I’ve by no means had a lot luck with vegetation. I’ve overwatered cati, underwatered fiddle leaf figs, and by some means even managed to kill three snake vegetation. (Sure, the home plant that’s recognized for being resilient and almost inconceivable to kill.) It’s not for lack of care: I all the time analysis the vegetation beforehand, select ones with wants my condo can meet, and hold a detailed eye on them. However after years of sadly scooping lifeless vegetation into my trash can, I got here to phrases with the truth that I simply merely don’t have a inexperienced thumb.
A few months after saying goodbye to my final failed try at at-home botany—a snake plant I managed to maintain alive for 3 months earlier than a pal knowledgeable me it was, actually, lifeless—I used to be given this ceramic self-watering planter. Naturally a little bit of a skeptic, my expectations have been very low, however I figured it was price a shot. I walked a couple of blocks to a well-loved plant store in my neighborhood, took my time perusing the cabinets, and landed on a small pothos plant. Just like snake vegetation, it has a repute for being straightforward to take care of. Plus, its versatile lighting wants—it thrives in vivid, oblique mild however also can tolerate medium-to-low oblique mild—have been an ideal match for my condo. I walked again residence, pothos in hand, plopped it into my new self-watering pot, set it on the nook of my dresser, and waited. Nearly six months later, my pothos remains to be alive and nicely.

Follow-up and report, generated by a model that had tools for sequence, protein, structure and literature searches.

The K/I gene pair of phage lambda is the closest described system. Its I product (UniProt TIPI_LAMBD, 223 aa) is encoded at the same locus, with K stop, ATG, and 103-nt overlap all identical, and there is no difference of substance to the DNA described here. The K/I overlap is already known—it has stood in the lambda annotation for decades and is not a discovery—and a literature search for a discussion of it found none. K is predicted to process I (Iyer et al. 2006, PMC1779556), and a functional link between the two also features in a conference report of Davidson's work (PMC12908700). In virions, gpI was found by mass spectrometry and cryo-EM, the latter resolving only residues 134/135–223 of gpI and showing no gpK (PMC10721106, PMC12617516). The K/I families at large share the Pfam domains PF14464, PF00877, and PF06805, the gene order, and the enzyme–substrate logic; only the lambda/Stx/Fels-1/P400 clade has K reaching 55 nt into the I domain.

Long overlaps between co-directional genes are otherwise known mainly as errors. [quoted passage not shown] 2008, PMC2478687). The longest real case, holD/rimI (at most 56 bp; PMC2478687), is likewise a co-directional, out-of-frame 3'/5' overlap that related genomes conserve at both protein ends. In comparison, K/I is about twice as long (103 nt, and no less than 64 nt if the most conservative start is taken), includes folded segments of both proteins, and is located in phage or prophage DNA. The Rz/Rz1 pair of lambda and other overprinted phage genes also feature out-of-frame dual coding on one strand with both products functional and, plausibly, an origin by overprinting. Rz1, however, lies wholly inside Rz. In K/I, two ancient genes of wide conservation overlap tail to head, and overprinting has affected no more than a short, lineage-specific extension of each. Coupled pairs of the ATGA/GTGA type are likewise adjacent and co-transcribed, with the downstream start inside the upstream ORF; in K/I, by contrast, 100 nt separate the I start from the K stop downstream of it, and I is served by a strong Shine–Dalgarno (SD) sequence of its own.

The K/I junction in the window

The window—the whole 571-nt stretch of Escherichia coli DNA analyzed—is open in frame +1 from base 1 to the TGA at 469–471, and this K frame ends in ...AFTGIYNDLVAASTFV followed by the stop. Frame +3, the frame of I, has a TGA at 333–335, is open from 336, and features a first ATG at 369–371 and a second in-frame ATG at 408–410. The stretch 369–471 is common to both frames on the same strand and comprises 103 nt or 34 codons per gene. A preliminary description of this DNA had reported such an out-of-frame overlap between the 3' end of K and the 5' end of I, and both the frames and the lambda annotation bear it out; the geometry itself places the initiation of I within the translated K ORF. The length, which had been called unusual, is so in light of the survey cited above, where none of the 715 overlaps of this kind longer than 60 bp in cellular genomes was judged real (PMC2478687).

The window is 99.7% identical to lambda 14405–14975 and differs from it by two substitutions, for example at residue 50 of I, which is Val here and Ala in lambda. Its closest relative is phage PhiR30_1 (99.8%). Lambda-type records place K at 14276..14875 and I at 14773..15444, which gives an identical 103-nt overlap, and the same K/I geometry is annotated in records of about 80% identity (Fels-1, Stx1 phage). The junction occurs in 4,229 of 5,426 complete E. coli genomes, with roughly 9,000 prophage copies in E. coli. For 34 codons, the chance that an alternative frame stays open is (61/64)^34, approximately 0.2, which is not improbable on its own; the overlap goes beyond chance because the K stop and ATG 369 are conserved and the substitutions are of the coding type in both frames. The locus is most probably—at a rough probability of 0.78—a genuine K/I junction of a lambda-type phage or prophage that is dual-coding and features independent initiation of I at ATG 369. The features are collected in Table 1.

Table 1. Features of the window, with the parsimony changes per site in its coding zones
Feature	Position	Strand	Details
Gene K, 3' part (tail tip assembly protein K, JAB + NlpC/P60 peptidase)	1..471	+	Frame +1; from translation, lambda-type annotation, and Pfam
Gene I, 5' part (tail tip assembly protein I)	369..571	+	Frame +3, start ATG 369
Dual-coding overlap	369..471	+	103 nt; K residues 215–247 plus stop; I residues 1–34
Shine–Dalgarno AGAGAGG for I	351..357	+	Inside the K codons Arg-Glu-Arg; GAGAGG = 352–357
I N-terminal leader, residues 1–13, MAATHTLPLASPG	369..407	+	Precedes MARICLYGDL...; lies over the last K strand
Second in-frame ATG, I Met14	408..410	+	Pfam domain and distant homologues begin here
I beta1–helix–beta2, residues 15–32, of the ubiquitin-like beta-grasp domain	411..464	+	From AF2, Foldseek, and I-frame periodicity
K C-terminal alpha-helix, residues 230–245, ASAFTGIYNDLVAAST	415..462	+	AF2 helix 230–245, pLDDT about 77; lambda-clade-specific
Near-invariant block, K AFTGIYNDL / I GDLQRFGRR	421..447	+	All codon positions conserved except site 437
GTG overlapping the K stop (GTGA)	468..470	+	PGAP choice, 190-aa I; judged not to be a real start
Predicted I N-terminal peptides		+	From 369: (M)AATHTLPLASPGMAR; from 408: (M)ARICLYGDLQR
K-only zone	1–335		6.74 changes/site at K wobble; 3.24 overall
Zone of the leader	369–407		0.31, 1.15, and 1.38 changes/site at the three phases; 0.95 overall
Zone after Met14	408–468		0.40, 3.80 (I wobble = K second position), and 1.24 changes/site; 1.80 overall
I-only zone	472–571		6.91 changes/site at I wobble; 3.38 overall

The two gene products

The magic of this ceramic self-watering planter is pretty easy and easy. A self-irrigation system on the backside of the two-section planter permits the plant to drink the water it wants from its roots. That’s proper, precisely how it will if it have been nonetheless planted in nature. All you have to do is raise the highest portion of the pot, pour sufficient water to fill the smaller, shallower backside part, and let the roots do their factor. No extra setting calendar reminders for when to water or unintentionally overwatering—simply raise test in on the underside part of the pot each week or so to see if it wants a refill. It actually does not get any simpler than this.
And nope, I have never killed a single plant since.
Do you’ve got a inexperienced thumb? Tell us your finest plant suggestions under!
Julia is Food52’s Commerce Editor and a contract author. She has written for Grub Avenue, Eater, PUNCH, Edible Brooklyn, and extra. She relies in Brooklyn, NY.